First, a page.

I’ll tell you more of the story some time.

    Thanks for the post; I’ve forwarded it to Gen. Lajoie and to Harold Smith, who was ATSD/NCB and Gen. Lajoie’s boss for CTR.


    • Chuck Thornton (History)

      I just remembered another story:

      In 1988, I was sitting in a cafe in East Berlin when a shiny new Saab convertible, with its top down, drove up and 4 very large, black, uniformed US military personnel stepped out. They were so out of place that they became a spectacle — everyone on the street and in the cafes stopped what they were doing and stared. The US Army guys strolled around, took pictures like tourists, laughed and joked with each other, and seemed generally relaxed and comfortable. I have no idea whether they were there on one of the MLM tours, or whether they were there under one of the other agreements that permitted the four occupying powers to visit the other zones. But it’s one of those scenes I’ll always remember.

    • Jeffrey (History)

      What is the appropriate protocol when one wishes to reach across the table and strangle his interlocutor with his bare hands?

    • Chuck Thornton (History)

      That’s a fairly common urge experienced by all international diplomats/negotiators. It often seemed to me that less restraint would have yielded shorter-term results.

    • Lugo (History)

      Lajoie should have responded, “Don’t worry, Ivan, we won’t spy on your installations in East Germany any more, bwahahaha.”

    • Jeffrey (History)

      Whenever Russians point out that they have withdrawn all tactical nuclear weapons to Russia, I fight the urge to point out Moscow might feel differently about forward deploying nuclear weapons in allied countries, if Moscow had any allies.

      Instead I just ask them whether they think the Soviet reaction to Prague Spring was shaped by the need to ensure Czechoslovak participation in forward deploying nuclear weapons.

    • David (History)

      re: East Berlin. It’s normal to see GIs in uniforms in E. Berlin as they can cross Checkpoint Charlie as members of the Army of Occupation to visit the Soviet Zone bypassing the E. German border controls. The shiny new Saab was a dead giveaway as Saab aggressive sold their cars via the BX/PX for European delivery to GIs. The convertibles were a big seller.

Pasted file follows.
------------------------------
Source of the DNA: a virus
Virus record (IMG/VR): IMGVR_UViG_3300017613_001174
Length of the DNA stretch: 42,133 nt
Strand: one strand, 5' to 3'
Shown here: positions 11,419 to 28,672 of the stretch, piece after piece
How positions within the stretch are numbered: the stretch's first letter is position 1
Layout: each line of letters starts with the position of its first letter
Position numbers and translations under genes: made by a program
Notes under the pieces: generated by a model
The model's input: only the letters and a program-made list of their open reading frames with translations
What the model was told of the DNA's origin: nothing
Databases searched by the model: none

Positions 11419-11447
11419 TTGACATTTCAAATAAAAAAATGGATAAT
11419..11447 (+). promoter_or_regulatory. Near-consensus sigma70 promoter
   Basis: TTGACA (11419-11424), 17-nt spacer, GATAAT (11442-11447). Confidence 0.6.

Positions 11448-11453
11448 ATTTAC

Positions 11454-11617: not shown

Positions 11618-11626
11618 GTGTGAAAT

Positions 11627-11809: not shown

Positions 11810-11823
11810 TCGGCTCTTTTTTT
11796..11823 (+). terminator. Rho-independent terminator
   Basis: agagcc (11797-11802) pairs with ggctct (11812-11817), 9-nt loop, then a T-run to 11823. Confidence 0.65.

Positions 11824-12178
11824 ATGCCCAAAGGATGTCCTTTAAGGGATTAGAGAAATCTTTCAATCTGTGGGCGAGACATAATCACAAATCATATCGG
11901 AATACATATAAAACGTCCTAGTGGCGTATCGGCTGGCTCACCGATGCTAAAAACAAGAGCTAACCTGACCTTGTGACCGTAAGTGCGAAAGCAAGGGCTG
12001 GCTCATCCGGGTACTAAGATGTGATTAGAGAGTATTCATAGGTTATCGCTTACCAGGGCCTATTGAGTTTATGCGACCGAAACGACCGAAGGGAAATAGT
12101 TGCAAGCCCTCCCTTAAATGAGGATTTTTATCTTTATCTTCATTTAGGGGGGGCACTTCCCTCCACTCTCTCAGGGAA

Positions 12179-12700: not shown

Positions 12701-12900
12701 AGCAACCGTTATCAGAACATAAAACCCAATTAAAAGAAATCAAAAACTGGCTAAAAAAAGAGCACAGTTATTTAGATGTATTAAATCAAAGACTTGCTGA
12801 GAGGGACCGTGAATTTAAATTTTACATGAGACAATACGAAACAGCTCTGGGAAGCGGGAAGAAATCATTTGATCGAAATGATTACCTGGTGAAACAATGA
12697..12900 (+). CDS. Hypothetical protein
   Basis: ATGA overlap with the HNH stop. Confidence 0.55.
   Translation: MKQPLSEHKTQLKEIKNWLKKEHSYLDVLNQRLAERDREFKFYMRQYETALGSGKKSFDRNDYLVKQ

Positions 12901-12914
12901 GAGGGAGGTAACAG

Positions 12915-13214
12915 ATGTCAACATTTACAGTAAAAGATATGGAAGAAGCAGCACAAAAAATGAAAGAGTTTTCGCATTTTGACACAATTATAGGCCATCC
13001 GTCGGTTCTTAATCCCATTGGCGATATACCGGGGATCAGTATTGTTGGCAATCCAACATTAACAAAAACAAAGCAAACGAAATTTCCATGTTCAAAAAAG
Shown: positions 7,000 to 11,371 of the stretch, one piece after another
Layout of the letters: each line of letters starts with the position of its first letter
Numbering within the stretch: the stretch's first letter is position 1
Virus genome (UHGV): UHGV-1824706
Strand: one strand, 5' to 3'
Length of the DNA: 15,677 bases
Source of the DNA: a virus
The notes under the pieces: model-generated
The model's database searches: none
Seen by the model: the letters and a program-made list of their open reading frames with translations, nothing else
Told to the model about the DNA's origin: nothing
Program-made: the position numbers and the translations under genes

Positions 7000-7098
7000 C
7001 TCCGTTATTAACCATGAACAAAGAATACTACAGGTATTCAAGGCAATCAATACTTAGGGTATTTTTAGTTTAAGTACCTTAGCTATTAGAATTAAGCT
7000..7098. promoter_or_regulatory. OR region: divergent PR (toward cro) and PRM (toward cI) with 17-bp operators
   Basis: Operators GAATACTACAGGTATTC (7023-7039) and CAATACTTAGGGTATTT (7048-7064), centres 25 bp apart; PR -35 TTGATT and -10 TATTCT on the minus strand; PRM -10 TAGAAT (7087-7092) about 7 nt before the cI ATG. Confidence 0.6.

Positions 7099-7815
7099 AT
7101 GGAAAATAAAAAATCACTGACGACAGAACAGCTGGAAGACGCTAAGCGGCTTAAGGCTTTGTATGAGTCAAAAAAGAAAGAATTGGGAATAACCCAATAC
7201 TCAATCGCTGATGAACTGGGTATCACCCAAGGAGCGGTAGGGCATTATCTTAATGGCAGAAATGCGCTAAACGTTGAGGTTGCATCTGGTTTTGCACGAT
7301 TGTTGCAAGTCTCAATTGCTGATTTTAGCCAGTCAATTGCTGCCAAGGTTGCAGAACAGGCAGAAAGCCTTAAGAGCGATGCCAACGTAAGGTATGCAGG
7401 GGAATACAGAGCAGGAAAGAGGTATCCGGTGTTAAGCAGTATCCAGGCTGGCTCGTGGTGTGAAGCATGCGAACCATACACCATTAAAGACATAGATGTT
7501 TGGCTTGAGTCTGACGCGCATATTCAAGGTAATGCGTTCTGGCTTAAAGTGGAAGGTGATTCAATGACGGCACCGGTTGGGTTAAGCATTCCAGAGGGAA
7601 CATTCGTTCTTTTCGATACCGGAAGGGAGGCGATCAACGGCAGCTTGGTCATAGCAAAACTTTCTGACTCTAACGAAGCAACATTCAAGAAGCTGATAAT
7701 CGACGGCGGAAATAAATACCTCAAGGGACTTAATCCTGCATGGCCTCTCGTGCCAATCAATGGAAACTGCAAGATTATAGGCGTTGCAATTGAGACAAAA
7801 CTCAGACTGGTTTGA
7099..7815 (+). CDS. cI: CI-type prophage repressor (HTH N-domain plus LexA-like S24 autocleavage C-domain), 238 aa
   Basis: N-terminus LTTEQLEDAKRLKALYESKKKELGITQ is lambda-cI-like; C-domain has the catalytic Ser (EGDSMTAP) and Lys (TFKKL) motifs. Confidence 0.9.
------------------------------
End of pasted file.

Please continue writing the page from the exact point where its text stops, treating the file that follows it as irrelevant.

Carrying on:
2. Mike Plunkett (History)

    I would also recommend adding ‘BRIXMIS: The Untold Exploits of Britain’s Most Daring Cold War Spy Mission” by Tony Geraghty to the reading list. It gives an absolutely riveting account of what the British equivalent of the US Military Liaison Mission got up to, including the world’s only Top Secret piece of fruit.

    • Andrew Tubbiolo (History)

      Along the same lines there is “The Last Mission: Behind the Iron Curtain” by Steve Gibson, ISBN-13: 978-0750914086. A very ripping yarn.

      Also, along these lines there is this posting on YouTube.
      Cold War Pioneers: The U.S. Military Liason Mission, 1947 – 1990, Dr. Stephen V. Hoyt
      Eastern Washington University

  3. Andrew Tubbiolo (History)

    So has anything more come out after the fall of the Warsaw Pact as to what really happened to the two American’s shot during the drawdown of the Cold War? Has there been any conclusive reason given to the public as to why these shootings occurred?

    • David (History)

      I had a conversation years ago with someone who was at MLM at the same time as Nicholson. What he told me was that later the Russians told them the Soviet guard was not at his post when Nicholson got past him, and when he returned panicked and shot Nicholson to cover up for his absence. This sounded pretty credible to me.

  4. Andrew Tubbiolo (History)

    I hate to over-post on a particular subject. But I came across this after lunch today in the last 5 min of the lunch hour.